We went places in that car, me and Stephan. A little bit of insurance money came through from the fire and we took off driving all one whole summer. I can't tell you all the places we went to. We started off toward the Little Knife River and Mandaree in Fort Berthold and then we found ourselves down in Wakpala somehow and then suddenly we were over in Montana on the Rocky Boys and yet the summer was not even half over. Some people hang on to details when they travel, but we didn't let them bother us and just lived our everyday lives here to there.
I do remember there was this one place with willows; however, I laid under those trees and it was comfortable. So comfortable. The branches bent down all around me like a tent or a stable. And quiet, it was quiet, even though there was a dance close enough so I could see it going on. It was not too still, or too windy either, that day. When the dust rises up and hangs in the air around the dancers like that I feel comfortable. Stephan was asleep. Later on he woke up and we started driving again. We were somewhere in Montana, or maybe on the Blood Reserve, it could have been anywhere. Anyway, it was where we met the girl.
all her hair was in buns around her ears, that's the first thing I saw. She was alongside the road with her arm out so we stopped. That girl was short, so short her lumbershirt looked comical on her, like a nightgown. She had jeans on and fancy moccasins and she carried a little suitcase.
"Hop on in," says Stephan. So she climbs in between us.
"We'll take you home," I says, "Where do you live?"
"Chicken," she says.
"Where's that?" I ask her.
"Okay," Stephan says, and we drive.
We got up there and never wanted to leave. The sun doesn't truly set there in summer and the night is more a soft dusk. You might doze off, sometimes, but before you know it you're up again, like an animal in nature. You never feel like you have to sleep hard or put away the world. And things would grow up there. One day just dirt or moss, the next day flowers and long grass. The girl's family really took to us. They fed us and put us up. We had our own tent to live in by their house and the kids would be in and out of there all day and night.
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Normally I don't enjoy reading short stories but this collection held my interest from beginning to end. It might be because I can somewhat identify with the author; she makes use of vocabulary from the Ojibwe language and I'm part Potawatomi and have briefly studied our language--the two are very similar and that adds richness to the reading for me. Most of her Ojibwe words the reader will understand from their use within the sentence but at times I thought a glossary might have been helpful.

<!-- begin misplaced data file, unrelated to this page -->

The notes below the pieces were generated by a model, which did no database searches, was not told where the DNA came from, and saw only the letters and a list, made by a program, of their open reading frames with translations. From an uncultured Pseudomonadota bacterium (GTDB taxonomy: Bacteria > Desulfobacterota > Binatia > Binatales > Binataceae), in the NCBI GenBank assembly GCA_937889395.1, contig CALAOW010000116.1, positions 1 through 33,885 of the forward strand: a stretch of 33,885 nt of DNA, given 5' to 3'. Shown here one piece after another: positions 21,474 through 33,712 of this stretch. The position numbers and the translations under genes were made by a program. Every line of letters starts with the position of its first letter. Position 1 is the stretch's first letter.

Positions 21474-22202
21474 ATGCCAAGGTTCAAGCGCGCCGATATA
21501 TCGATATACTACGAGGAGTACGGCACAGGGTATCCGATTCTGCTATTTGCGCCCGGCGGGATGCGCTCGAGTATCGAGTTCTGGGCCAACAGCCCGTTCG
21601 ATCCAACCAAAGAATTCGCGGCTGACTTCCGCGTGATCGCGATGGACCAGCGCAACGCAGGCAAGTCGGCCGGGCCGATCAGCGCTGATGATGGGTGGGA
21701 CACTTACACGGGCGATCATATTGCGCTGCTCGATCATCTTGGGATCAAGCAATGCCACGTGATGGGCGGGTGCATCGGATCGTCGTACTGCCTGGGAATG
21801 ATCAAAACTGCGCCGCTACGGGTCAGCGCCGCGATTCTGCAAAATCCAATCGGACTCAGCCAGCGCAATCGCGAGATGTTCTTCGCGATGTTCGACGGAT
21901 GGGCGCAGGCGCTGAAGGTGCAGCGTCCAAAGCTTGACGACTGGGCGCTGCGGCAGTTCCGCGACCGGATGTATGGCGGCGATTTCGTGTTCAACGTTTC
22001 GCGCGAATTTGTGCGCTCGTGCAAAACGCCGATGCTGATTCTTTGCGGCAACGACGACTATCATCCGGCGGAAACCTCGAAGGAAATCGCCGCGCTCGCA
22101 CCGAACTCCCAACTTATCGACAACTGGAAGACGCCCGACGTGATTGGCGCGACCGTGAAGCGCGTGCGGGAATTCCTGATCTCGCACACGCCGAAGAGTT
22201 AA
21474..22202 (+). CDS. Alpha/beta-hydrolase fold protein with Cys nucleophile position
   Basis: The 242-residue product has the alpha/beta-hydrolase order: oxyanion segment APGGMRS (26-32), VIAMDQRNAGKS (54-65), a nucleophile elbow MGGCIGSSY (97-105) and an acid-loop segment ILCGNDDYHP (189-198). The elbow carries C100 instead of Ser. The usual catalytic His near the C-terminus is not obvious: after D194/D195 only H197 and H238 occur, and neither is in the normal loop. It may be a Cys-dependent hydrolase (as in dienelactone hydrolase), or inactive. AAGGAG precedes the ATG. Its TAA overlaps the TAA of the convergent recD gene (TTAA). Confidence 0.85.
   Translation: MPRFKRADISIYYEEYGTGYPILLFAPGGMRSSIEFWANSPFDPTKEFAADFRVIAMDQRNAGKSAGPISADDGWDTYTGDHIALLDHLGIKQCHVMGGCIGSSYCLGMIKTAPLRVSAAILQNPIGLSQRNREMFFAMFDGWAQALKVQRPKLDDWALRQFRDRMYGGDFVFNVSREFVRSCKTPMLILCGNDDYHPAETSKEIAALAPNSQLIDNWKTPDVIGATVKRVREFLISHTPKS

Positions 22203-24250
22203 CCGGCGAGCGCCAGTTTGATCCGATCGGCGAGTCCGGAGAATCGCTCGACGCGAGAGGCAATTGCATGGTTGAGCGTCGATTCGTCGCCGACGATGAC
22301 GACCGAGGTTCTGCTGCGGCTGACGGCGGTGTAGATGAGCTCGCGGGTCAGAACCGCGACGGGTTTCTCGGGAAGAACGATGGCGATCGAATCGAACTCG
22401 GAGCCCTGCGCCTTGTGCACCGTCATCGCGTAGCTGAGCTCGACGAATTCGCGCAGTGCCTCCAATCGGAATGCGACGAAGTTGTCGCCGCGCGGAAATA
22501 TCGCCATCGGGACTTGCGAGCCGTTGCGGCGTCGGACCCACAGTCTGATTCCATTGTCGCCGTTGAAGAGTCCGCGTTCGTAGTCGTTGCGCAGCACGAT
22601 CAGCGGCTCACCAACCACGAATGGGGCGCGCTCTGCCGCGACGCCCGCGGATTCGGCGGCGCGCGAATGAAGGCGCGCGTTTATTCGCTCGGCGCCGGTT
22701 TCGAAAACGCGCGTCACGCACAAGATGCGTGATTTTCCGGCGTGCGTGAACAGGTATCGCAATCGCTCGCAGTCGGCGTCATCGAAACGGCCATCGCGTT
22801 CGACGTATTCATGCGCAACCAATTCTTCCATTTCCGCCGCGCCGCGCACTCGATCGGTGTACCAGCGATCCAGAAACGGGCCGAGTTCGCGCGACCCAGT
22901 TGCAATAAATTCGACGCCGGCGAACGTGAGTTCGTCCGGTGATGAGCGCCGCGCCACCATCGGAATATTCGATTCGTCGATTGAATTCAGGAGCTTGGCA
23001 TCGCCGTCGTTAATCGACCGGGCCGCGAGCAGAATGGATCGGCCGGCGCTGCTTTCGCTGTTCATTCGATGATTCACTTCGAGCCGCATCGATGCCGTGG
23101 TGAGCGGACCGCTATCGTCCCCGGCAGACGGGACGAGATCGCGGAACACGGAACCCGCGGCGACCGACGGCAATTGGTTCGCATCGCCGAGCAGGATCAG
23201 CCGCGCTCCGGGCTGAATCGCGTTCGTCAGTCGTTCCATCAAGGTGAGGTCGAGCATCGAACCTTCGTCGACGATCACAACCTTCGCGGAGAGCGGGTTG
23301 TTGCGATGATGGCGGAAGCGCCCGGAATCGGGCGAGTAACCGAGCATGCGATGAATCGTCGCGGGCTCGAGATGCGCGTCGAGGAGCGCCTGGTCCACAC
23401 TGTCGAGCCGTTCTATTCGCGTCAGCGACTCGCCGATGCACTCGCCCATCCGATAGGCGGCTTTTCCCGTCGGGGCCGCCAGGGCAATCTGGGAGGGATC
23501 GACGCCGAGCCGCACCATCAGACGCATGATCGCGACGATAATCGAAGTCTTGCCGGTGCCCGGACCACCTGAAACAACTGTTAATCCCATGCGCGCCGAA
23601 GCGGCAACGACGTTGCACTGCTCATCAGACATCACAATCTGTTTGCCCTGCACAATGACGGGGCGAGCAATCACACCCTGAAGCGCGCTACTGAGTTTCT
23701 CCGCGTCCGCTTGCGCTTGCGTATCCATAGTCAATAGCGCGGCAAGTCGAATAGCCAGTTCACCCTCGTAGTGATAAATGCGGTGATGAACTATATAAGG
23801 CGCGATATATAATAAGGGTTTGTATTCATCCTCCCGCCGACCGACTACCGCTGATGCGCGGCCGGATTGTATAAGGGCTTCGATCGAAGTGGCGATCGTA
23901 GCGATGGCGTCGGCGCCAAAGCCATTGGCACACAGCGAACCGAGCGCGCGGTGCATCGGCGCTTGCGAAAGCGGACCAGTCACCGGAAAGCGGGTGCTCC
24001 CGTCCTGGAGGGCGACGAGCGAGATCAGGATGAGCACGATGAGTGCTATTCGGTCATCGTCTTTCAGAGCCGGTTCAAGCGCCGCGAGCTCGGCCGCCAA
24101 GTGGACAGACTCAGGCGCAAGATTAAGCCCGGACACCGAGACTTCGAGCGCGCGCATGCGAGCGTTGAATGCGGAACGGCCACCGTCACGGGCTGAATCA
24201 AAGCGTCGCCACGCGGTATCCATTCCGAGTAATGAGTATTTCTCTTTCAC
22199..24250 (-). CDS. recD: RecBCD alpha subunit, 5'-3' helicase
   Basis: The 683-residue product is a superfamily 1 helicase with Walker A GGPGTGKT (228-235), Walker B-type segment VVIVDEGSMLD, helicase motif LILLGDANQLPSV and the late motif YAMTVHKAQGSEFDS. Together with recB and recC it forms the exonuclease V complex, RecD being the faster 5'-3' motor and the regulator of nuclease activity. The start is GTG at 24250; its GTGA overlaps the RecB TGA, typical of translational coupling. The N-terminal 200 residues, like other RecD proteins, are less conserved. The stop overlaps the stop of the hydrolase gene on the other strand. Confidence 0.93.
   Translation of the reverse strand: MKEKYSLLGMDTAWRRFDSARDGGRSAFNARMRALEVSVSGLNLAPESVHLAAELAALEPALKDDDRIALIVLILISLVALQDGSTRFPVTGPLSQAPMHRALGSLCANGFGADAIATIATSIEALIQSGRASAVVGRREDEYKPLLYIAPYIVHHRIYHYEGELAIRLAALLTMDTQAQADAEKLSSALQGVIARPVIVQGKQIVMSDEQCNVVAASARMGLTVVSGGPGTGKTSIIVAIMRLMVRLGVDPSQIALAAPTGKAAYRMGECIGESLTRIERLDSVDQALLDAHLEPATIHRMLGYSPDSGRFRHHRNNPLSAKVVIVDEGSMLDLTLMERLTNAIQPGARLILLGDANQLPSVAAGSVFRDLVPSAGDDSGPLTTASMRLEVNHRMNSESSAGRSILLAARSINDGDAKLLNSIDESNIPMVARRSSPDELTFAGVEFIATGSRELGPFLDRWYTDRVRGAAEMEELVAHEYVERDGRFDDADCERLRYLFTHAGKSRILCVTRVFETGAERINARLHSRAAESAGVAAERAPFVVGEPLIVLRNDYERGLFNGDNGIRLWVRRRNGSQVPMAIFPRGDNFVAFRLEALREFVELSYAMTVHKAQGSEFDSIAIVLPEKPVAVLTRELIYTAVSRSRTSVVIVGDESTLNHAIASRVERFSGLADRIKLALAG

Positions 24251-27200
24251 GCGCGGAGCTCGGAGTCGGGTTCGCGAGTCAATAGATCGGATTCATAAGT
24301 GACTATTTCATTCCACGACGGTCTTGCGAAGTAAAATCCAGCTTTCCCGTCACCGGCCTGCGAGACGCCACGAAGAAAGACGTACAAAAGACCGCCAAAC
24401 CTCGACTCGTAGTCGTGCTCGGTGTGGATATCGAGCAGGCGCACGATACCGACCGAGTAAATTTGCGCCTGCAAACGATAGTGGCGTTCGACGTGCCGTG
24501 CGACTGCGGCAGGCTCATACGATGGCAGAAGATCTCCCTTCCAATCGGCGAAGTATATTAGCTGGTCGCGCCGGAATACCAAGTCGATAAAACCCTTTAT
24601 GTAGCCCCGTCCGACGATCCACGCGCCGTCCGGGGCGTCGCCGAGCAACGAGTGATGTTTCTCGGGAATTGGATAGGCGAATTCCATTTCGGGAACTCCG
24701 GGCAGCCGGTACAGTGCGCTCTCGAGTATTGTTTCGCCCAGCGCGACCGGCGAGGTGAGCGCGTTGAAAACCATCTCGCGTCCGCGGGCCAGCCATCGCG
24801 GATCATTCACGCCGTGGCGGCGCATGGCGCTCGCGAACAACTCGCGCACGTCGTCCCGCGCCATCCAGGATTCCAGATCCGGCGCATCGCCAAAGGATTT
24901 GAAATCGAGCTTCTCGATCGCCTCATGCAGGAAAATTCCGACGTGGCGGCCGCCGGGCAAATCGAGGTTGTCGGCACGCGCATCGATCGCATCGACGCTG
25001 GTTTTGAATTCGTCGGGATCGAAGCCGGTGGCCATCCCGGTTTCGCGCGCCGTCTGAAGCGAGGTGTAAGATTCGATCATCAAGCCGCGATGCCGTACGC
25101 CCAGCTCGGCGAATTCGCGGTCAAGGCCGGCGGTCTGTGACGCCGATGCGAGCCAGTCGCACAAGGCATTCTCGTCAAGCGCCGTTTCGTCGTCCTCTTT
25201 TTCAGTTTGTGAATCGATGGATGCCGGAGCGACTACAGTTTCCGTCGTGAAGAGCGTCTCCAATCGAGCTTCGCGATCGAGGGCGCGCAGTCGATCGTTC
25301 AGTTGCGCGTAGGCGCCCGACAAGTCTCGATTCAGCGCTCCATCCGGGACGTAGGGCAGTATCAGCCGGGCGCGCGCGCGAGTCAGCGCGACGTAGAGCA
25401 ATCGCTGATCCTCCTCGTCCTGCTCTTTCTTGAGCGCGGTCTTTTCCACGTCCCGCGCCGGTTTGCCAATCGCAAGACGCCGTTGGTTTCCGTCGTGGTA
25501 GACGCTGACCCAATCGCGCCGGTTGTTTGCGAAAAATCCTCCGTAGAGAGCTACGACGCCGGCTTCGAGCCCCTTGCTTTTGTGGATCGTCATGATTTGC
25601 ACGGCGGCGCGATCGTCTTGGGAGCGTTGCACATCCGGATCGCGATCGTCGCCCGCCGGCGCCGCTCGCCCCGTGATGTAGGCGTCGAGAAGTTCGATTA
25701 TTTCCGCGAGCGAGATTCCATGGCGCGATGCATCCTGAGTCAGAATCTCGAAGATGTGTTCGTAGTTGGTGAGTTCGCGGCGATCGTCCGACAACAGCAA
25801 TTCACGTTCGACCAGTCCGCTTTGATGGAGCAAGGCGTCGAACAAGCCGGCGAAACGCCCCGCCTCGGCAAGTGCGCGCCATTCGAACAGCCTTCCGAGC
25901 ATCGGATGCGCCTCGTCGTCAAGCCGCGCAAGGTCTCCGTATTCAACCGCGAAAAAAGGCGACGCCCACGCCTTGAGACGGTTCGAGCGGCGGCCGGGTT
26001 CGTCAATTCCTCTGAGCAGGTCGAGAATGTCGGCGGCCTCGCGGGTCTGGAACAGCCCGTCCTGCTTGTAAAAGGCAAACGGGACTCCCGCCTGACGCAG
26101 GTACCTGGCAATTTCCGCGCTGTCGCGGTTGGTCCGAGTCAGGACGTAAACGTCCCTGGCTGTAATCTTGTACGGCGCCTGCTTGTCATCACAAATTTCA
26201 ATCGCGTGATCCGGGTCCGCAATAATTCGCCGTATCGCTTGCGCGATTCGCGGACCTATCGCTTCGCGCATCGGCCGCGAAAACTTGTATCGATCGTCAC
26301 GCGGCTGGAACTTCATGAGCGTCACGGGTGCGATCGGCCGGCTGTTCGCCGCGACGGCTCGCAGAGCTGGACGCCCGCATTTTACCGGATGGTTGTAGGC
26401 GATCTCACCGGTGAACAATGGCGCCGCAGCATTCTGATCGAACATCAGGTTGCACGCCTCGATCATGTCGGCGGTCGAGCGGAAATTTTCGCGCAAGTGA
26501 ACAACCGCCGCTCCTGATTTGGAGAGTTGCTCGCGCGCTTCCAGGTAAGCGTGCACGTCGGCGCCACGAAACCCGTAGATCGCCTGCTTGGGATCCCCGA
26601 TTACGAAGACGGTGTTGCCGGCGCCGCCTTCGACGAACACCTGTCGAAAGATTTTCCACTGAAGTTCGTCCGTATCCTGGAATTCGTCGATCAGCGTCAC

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Posted July 20, 2012
“The Red Convertible” (Erdrich, 2003, p. 1028) is centered between the relationship of two brothers. Lyman Lamartine, who narrates the story, lives on a Native American Reservation. Lyman talks about his experiences as he embraces and keeps alive the memorable and unforgettable times he had with his brother, Henry. One of the strongest points in Lyman’s character is his compassionate and caring personality. Although life was going well for Lyman, he portrays to be jealous and mischievous at times. In spite of this, he faces a terrible devastation at the end, for he is surprisingly unaware of the worst, shocking tragedy yet to come.
The significance of the story’s correlation between the car and the brothers become apparent after the car comes into the scene. The car’s most powerful contribution relates to the bonding between the brothers and the passion for the car. Therefore, symbolism plays a role between the relationship of the brothers and the attraction for the car.
Later on in the story, revenge and jealousy emerges as Lyman gets the cold shoulder from Henry after Henry’s return from military training. Lyman angrily lashes out as he destroys the car, but their relationship becomes mended after Henry fixes the car back to normal and all is well.
After the relationship was restored, Lyman and Henry decided to go to the river. The drive over there was exhilarating for the brothers; the air smelled fresh and the car sounded smooth. Lyman could sense Henry’s contentment by his facial expressions. They experienced a rejuvenating bonding that day.
Things appear to be going great, but the story takes a turn after their arrival. They finally arrived at the river. Henry and Lyman step out of the car, bicker for a while, and finally say their apologies. Then, the change starts to happen when Henry decides to take a drink of alcohol. After a little while, Henry starts to feeling good. He starts dancing, laughing, joking, and acting silly. He complains of feeling hot, so he submerges himself into the water. Suddenly, Lyman observes Henry being quickly taken away by the fast flowing water and debris. Lyman abruptly leaps into the river hoping to save his defenseless brother. Unfortunately, it is too late.
The sad part of the story is when Henry drifts away and is "gone" (Erdrich, 2003, p. 1034) forever. To this end, Lyman who is torn with devastation and hopelessness, gets out of the river water, proceeds to the car and starts it. He then advances the car into the water and steps out as Lyman clarifies, "I get out, close the door, and watch it plow softly into the water" (Erdrich, 2003, p. 1034). All he hears now is the sound of the water moving swiftly.
Erdrich, L. (2003). The Red Convertible. In Sylvan Barnet et al (Eds.). Literature for
Composition. (6th ed). (pp. 1028-1034). New York: Longman.
Posted October 30, 2011
If you like short stories, this is the book for you. Yes, Louise Erdrich is a great novel writer, but her short stories are just as good if not better. They are are full of character and voice that makes you want to continue reading.Was this review helpful? Yes NoThank you for your feedback. Report this reviewThank you, this review has been flagged.